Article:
IT is an increasingly curious election with politicians popping up in the most unlikely of places – a Conservative minister yesterday pitched up in New Coundon, a mining community near Bishop Auckland with a population in 2001 of just 41, hoping to pick up votes.

Yorkshire has found itself cast as the heart of the election, with both Labour and the Conservatives decamping from London to launch their manifestos in the county’s industrial towns. Jeremy Corbyn was in Bradford trying to invoke the spirit of Huddersfield-born Harold Wilson; Theresa May, six days after rolling into Darlington, was in Halifax, trying to nibble in to Labour’s tiny majority of 428.

Let’s hope that some of Yorkshire’s downtoearthness rubs off on them. I remember cornering John Major above a caravan showroom on the outskirts of Darlington during the 1997 election, and he said: “I've escaped from the crazy, chattering circle of Westminster and once you're outside that, people think quite differently, talk quite differently and have different interests.” Despite recognising that, he still lost.

Loading article content

For me, the election became even more curious on Wednesday when a film crew from the Corporacio Catalana turned up to ask why unlikely places such as New Coundon were contemplating, however vaguely, of turning blue. The Catalan-language TV station is based in Barcelona, so quite what meaning my English answers will have is anyone’s guess.

The Catalan correspondent seemed genuinely surprised that the North-East felt so distant from the European Union. In Spain every day, he said, we use the autopistas – new toll roads paid for by the EU. When we think of the EU, he said, we think of long, straight roads and we’re grateful. But in the North-East, where it has taken nearly a decade to upgrade a small stretch of the A1(M) and where the A66 is in desperate need of a second carriageway, we have no straight roads to think of, only bendy bananas, so we vote Brexit.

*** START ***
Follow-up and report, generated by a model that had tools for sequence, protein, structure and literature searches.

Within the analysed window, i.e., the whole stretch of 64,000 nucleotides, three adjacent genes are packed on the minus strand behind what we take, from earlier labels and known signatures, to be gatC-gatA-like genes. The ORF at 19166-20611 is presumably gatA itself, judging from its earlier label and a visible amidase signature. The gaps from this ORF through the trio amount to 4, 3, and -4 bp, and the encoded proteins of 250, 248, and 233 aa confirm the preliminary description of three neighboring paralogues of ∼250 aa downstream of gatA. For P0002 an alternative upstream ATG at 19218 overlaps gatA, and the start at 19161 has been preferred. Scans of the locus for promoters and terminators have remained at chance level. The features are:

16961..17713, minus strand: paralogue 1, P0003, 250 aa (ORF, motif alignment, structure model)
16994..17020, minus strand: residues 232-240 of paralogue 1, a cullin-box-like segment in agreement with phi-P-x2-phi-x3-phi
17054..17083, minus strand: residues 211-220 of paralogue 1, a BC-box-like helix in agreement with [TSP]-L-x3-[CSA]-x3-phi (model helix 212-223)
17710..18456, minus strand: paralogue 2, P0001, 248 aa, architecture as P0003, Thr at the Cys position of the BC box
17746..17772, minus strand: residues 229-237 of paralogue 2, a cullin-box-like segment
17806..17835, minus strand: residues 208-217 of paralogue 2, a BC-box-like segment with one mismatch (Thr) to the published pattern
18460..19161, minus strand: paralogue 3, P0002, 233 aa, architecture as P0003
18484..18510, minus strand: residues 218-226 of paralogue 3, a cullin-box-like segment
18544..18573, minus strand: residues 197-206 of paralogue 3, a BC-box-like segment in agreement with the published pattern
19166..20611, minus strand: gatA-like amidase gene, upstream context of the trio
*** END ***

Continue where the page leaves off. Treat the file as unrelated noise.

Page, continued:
The Catalans were also interested in one of my prized political possessions: a 1983 poster in which the unknown Labour candidate for the new constituency of Sedgefield introduced himself with his name in green ink: “Tony Blair”. There’s not a trace of red, even though red, as my Catalan friends knew, has been the colour of most of Europe’s socialist parties since the French Revolution of 1789 because it symbolises the blood of workers spilt in the struggle against capitalism.

But the North-East was different. In the 19th Century, the Conservatives wore red – apparently it was the racing colour of a Durham aristocrat and so his constituents followed suit. In 1910, the millgirls in Darlington wore red knickers to show their support for Herbert Pike Pease in his fight against the Liberals.

In the days before colour TV, colour standardisation wasn’t an issue. In the early 1950s in Darlington, the Conservative candidates always wore red rosettes, even though since 1949 blue had been the official Tory colour.

So North-East Labour plumped for green – possibly because of Irish immigration into the coalfield.

Colour TV demanded uniformity, so local colours died out, and Mr Blair in 1983 was probably the last to fight for green Labour.

“But Mr Corbyn,” said my Catalan colleague, “he is red. Very red, I think.”